Respect Democratic Institutions
February 28, 2006
“The events of the past couple of days are the direct result of undermining the institutions that make up the Republic of the Philippines,” declared Senator Richard J. Gordon. “The media, the military, and Congress have all been desecrated and damaged by the recent events, culminating in the state of emergency,” he observed. “The state of emergency must end and we must allow our institutions to work for our country,” urged Gordon.
Gordon condemned the government takeover of the national newspaper, The Daily Tribune, calling this an unwarranted censorship or prior restraint and an infringement on the freedom of speech and press.
“It is good and healthy to have media to bring to light to a President what a coterie of advisors might otherwise conceal or sugarcoat in their efforts to please,” he said. “Certainly, honest and responsible reporting, while sometimes personally painful for the subject, should never be restrained or muzzled, as in the case of the Daily Tribune now,” Gordon continued.
Gordon also urged the people not to use the public institutions, like the Armed Forces of the Philippines (AFP), to cause further insecurity and instability in the country. “The military cannot govern. In a democracy, civilian authority must, at all times, be supreme over the military,” he added.
“The AFP must be let alone of any partisan political hysteria because according to the Constitution, the armed forces must be insulated from partisan politics and no member of the military must engage directly or indirectly in any partisan political activity, except to vote,” he said.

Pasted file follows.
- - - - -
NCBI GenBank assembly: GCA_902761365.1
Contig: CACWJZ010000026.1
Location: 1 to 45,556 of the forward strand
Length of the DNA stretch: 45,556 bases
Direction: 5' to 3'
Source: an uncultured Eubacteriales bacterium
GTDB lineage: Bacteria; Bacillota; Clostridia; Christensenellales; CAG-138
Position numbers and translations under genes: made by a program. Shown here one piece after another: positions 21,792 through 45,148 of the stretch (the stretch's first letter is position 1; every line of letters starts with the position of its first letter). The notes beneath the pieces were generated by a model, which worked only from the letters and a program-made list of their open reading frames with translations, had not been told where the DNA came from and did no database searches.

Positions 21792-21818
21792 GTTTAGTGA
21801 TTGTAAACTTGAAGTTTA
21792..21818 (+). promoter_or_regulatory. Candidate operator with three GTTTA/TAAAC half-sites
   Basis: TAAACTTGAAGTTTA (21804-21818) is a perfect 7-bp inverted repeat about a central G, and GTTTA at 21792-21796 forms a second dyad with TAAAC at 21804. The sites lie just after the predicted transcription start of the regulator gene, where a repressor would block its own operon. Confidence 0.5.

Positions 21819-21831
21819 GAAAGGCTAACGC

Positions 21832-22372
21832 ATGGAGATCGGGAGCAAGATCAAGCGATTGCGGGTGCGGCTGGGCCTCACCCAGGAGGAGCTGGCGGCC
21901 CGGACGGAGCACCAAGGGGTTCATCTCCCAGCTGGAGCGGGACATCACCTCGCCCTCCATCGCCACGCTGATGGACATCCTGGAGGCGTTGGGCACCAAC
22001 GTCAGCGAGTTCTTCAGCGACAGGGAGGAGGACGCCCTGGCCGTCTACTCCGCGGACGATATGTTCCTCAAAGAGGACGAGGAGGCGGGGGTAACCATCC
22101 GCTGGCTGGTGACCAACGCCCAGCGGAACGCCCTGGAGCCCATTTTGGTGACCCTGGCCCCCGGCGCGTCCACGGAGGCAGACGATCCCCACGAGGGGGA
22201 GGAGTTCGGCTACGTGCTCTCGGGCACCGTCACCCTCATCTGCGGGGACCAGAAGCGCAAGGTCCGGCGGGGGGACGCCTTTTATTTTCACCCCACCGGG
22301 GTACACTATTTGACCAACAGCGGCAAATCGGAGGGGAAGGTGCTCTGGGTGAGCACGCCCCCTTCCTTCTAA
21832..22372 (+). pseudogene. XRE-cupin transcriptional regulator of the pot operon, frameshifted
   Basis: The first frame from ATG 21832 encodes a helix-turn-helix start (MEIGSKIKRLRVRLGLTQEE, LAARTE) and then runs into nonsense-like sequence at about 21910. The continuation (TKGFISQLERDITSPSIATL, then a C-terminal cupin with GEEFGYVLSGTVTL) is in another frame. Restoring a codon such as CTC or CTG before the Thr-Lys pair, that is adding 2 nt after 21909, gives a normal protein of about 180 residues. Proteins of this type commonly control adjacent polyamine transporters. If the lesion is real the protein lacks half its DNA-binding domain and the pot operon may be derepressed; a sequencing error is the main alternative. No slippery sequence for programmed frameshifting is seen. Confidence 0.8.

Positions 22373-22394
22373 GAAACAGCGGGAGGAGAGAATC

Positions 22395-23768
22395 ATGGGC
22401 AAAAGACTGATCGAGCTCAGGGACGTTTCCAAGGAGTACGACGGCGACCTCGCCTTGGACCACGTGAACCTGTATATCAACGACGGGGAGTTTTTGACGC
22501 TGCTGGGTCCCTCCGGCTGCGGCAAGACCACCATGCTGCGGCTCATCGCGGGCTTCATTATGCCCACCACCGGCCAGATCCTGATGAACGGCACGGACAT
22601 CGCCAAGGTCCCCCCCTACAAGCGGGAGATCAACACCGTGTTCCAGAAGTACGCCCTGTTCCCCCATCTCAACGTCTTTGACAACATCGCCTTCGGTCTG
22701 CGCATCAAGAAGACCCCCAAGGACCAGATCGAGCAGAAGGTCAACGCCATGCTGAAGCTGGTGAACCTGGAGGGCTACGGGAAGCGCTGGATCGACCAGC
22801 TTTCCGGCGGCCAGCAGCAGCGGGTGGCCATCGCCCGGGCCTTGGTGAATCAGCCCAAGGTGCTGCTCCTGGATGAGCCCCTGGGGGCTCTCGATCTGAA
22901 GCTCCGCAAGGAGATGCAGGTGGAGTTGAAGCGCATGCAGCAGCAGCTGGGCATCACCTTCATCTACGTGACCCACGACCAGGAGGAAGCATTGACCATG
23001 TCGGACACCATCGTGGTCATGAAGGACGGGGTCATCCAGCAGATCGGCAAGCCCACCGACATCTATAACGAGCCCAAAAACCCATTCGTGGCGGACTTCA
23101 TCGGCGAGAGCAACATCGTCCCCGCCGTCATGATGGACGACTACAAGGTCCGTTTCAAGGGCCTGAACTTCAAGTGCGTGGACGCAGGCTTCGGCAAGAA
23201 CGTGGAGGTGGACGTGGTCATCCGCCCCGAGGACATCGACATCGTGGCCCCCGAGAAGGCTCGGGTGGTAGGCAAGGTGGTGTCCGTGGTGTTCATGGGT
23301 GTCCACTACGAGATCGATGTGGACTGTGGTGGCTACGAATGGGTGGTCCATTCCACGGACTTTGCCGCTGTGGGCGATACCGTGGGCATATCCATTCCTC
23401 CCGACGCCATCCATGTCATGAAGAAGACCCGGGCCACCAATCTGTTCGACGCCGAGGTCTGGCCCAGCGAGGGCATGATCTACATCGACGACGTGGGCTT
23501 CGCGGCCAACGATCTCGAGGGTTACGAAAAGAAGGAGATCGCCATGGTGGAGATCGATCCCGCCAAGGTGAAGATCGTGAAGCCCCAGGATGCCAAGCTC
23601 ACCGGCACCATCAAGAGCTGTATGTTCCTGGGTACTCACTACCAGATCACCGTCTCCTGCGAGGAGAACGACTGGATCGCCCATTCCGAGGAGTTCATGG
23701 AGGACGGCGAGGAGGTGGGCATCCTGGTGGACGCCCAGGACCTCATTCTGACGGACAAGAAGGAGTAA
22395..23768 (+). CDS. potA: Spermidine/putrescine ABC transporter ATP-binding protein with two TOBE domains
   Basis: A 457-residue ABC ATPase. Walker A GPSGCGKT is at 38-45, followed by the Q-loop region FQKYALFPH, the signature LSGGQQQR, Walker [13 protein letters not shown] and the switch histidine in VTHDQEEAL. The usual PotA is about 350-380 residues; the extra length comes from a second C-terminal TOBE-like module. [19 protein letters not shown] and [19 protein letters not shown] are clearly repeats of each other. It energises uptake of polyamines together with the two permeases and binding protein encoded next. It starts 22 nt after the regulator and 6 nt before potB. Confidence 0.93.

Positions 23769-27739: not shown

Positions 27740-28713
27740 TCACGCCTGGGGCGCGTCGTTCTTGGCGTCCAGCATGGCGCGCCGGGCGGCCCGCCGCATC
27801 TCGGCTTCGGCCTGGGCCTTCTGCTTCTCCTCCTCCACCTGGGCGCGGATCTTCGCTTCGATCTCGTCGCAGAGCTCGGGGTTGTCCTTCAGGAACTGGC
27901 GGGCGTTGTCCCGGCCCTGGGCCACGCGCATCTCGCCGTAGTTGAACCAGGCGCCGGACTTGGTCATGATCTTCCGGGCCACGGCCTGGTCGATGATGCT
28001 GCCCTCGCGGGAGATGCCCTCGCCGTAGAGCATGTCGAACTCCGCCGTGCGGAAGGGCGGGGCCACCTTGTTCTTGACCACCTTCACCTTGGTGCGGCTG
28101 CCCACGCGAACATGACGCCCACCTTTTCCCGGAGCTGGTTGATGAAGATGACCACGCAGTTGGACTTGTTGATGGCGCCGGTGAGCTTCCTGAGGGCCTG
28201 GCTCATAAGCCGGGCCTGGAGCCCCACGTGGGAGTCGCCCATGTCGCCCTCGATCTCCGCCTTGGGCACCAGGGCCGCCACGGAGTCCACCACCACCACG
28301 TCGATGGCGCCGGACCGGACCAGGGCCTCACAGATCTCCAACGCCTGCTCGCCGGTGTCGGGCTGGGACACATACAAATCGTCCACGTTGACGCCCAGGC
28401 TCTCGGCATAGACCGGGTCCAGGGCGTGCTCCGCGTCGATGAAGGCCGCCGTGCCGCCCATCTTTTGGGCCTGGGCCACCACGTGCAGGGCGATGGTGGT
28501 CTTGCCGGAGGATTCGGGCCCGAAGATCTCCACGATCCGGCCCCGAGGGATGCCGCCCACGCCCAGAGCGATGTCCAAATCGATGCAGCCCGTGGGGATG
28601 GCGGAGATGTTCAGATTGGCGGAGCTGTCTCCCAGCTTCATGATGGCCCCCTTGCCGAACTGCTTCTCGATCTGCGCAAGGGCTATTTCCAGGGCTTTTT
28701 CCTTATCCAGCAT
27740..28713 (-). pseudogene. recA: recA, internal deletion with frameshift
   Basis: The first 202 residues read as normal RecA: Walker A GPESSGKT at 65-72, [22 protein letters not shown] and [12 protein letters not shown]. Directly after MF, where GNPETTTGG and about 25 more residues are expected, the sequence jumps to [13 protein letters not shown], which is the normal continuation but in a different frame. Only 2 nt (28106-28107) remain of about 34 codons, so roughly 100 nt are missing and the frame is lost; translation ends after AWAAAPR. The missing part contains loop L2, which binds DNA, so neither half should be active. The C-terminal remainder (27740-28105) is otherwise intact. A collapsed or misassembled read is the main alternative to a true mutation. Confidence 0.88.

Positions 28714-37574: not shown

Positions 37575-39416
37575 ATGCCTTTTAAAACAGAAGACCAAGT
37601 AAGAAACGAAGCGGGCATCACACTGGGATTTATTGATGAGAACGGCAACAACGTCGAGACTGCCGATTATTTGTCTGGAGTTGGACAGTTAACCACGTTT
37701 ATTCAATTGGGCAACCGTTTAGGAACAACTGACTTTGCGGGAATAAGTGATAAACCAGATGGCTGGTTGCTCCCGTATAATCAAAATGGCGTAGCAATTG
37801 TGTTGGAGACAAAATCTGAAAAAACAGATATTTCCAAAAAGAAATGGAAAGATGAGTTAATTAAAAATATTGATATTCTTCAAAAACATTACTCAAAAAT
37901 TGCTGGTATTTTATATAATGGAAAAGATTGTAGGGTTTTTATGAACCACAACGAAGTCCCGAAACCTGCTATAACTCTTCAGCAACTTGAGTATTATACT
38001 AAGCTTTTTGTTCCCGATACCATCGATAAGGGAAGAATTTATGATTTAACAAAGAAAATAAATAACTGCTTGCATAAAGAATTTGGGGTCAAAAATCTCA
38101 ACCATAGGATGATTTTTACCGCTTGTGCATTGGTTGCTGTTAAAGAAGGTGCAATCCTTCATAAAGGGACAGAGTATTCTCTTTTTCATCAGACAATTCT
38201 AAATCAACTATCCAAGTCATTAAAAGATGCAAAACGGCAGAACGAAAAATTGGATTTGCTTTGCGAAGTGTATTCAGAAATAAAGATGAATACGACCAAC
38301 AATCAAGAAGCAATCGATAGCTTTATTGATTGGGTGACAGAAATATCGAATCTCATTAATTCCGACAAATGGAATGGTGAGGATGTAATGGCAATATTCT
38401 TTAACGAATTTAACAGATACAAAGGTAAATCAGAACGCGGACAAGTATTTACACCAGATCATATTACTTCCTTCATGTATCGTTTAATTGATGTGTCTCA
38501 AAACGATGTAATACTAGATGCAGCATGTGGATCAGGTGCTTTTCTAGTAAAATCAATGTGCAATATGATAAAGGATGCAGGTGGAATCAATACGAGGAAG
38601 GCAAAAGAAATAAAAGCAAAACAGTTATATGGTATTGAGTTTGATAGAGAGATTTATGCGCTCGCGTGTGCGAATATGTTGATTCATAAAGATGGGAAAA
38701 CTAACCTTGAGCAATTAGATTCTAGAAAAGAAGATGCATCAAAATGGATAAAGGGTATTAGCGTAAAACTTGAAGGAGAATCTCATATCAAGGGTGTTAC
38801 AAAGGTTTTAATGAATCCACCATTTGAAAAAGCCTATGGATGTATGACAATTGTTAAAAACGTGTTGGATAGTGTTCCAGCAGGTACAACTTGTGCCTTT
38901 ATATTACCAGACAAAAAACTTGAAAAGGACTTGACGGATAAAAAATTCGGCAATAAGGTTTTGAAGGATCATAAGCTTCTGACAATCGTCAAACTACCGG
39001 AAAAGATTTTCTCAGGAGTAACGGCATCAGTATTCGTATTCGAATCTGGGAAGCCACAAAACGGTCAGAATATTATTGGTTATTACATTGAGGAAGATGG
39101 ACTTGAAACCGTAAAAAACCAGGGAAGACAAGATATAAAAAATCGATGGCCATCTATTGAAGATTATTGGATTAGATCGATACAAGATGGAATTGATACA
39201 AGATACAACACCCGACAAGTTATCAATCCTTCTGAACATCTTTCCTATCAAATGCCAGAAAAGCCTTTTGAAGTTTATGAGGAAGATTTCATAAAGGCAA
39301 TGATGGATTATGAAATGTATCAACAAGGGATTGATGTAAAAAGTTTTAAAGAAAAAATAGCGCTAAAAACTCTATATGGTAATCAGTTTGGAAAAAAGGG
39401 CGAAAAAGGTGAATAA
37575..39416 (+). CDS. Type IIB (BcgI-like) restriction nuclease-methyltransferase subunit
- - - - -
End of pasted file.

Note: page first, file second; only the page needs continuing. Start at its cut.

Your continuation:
“Any violation of this Constitutional prohibition on the AFP must be prosecuted immediately to prevent military adventurism. Otherwise, we will have no peaceful country under a regime of democracy to speak of,” stated Gordon.
Likewise, Gordon added that the Executive, in imprudently resisting the powers of Congress to perform its sacred task of checks and balances, has hurt the separation of powers between the Executive and the Legislative branches of Government through instruments like Executive Order No. 464.
Meanwhile, Gordon assured the people of the responsible performance by Congress of its legislative functions so that “it can work in harmony with the three branches of government without sacrificing its independence.”
Gordon stated that “the civil and military unrest that we are experiencing right now is a necessary consequence of the political crisis resulting from undermining the institutions that ensure our security and stability, and guarantee our democracy.”
“We must all work within the framework of the Constitution,” stated Gordon.
“In the long run, the preservation of democracy and the rule of law is always paramount so we need to put closure and end this crisis right now by working under the remedies allowed by law,” he explained.
Further, Gordon said that “the Administration and Opposition alike must break the habit of stubbornly resisting our democratic institutions in favor of quick-fixes like Executive Order No. 464, Proclamation No. 1017, coup d’etat, and even people power.”
“The dignity and reputation of the Republic of the Philippines are at stake, and in the final analysis, the greatest loser in this situation will be our country if we do not end this state of emergency, and give the proper respect due to our democratic institutions,” he continued.